On the eve of 8th anniversary of the war in Afghanistan, some worry that the U.S. may be at risk of losing the war. Now, the Obama administration has some tough decisions to make.
The White House was furious with America's commander in Afghanistan, Gen. Stanley McChrystal, when he went public in a London speech that the U.S. needs more troops in the country to win.
"We must focus our efforts and prioritize in those areas where the population is most threatened," he said Oct. 1. "We don't have enough forces to everything, everywhere at once...In short, we can't succeed by simply trying harder."
CBN News White House Correspondent David Brody has more on the pressure the Obama administration is facing to change its strategy in Afghanistan. Click play for his comments.
The next day, McChrystal was summoned to a 25-minute face-to-face meeting on Air Force One with the president, and Defense Secretary Robert Gates diplomatically conveyed to the military the White House sentiment that America's generals need to be more careful.
"In this process it is imperative that all of us taking part in these deliberations-- civilian and military alike-- provide our best advice to the president candidly but privately," Gates urged.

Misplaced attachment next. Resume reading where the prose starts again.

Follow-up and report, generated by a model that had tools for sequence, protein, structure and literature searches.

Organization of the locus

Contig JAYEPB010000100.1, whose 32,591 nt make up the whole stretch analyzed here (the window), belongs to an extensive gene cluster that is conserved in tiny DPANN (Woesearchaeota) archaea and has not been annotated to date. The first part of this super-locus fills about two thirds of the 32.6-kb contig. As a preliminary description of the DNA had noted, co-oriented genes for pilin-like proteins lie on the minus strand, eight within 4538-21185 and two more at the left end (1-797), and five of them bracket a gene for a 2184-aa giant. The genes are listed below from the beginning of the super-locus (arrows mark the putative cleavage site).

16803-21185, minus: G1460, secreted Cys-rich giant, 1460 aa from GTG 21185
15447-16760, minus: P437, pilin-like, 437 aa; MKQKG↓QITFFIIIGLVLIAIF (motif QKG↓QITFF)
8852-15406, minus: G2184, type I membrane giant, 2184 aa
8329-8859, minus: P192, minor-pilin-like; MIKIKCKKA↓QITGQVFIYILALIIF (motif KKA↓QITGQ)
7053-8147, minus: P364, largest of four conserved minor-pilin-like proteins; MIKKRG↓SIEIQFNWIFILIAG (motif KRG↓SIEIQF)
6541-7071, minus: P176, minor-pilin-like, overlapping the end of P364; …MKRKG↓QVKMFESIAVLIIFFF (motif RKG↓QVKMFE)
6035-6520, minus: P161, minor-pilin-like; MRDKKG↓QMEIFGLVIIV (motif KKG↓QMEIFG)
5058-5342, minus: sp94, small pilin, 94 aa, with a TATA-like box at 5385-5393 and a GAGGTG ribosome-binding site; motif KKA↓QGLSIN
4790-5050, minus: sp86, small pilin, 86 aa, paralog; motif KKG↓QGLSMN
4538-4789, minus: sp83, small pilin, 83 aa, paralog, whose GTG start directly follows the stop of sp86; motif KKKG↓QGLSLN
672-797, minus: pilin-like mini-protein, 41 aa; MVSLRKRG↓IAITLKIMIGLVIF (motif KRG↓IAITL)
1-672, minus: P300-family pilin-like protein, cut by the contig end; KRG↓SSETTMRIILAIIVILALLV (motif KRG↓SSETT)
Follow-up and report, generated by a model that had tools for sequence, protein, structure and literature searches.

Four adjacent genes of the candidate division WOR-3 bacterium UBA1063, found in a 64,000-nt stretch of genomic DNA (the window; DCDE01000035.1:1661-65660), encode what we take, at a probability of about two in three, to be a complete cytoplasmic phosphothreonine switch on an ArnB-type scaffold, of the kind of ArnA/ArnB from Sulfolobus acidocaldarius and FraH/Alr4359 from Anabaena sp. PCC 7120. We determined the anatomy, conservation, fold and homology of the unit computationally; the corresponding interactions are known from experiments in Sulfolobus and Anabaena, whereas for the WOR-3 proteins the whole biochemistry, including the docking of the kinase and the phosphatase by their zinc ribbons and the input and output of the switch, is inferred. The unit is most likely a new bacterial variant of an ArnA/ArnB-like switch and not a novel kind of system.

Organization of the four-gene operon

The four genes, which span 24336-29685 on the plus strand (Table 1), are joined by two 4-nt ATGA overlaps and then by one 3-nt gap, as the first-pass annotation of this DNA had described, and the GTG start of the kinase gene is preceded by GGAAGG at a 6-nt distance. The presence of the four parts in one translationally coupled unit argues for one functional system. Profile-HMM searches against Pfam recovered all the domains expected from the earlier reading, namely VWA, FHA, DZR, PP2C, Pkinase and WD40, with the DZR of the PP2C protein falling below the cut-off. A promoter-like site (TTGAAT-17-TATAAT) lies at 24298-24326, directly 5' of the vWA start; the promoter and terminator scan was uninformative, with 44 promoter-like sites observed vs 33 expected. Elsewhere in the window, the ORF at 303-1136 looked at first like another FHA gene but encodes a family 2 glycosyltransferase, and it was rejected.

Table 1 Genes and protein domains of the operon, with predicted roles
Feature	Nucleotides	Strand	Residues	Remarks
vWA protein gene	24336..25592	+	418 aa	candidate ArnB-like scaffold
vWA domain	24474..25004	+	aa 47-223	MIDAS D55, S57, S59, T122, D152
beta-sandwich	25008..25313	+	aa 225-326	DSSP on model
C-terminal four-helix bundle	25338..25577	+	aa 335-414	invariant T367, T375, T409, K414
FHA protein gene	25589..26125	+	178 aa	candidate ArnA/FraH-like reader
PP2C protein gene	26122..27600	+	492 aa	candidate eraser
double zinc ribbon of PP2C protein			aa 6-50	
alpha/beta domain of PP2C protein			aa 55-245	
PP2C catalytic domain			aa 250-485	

The general over Iraq and Afghanistan, David Petraeus, has largely disappeared from the debate. He's being treated for prostate cancer, but reports suggest the bigger reason is that talk of his running for president has made the White House view him with as a potential political rival.
The administration is debating whether to send 40,000 more troops to Afghanistan, or scale back the mission and focus on striking al Qaeda cells-- an idea pushed by Vice President Joe Biden. There will be at least two top-level meetings on the war this week.
"The assessment that's being discussed does not envision more troops in outposts or places like the one that was attacked over the weekend," said Press Secretary Robert Gates.
Eight years after the U.S. military arrived in Afghanistan, insurgent attacks are as brazen as ever. Over the weekend, nine U.S. soldiers were killed and five were seriously injured, marking the worst one day U.S. loss in more than a year.
No matter what decisions the president makes, a former United Nations envoy to Afghanistan says there is little hope until the Afghan government is wiped clean of corruption.
"In absence of having a credible Afghan partner accepted by people, it makes no sense to ramp up, but on other hand [we] cannot afford to pull out," said Ambassador Peter Galbraith.
Galbraith was fired by the UN for his remarks. He says the group is covering up electoral fraud in Afghanistan.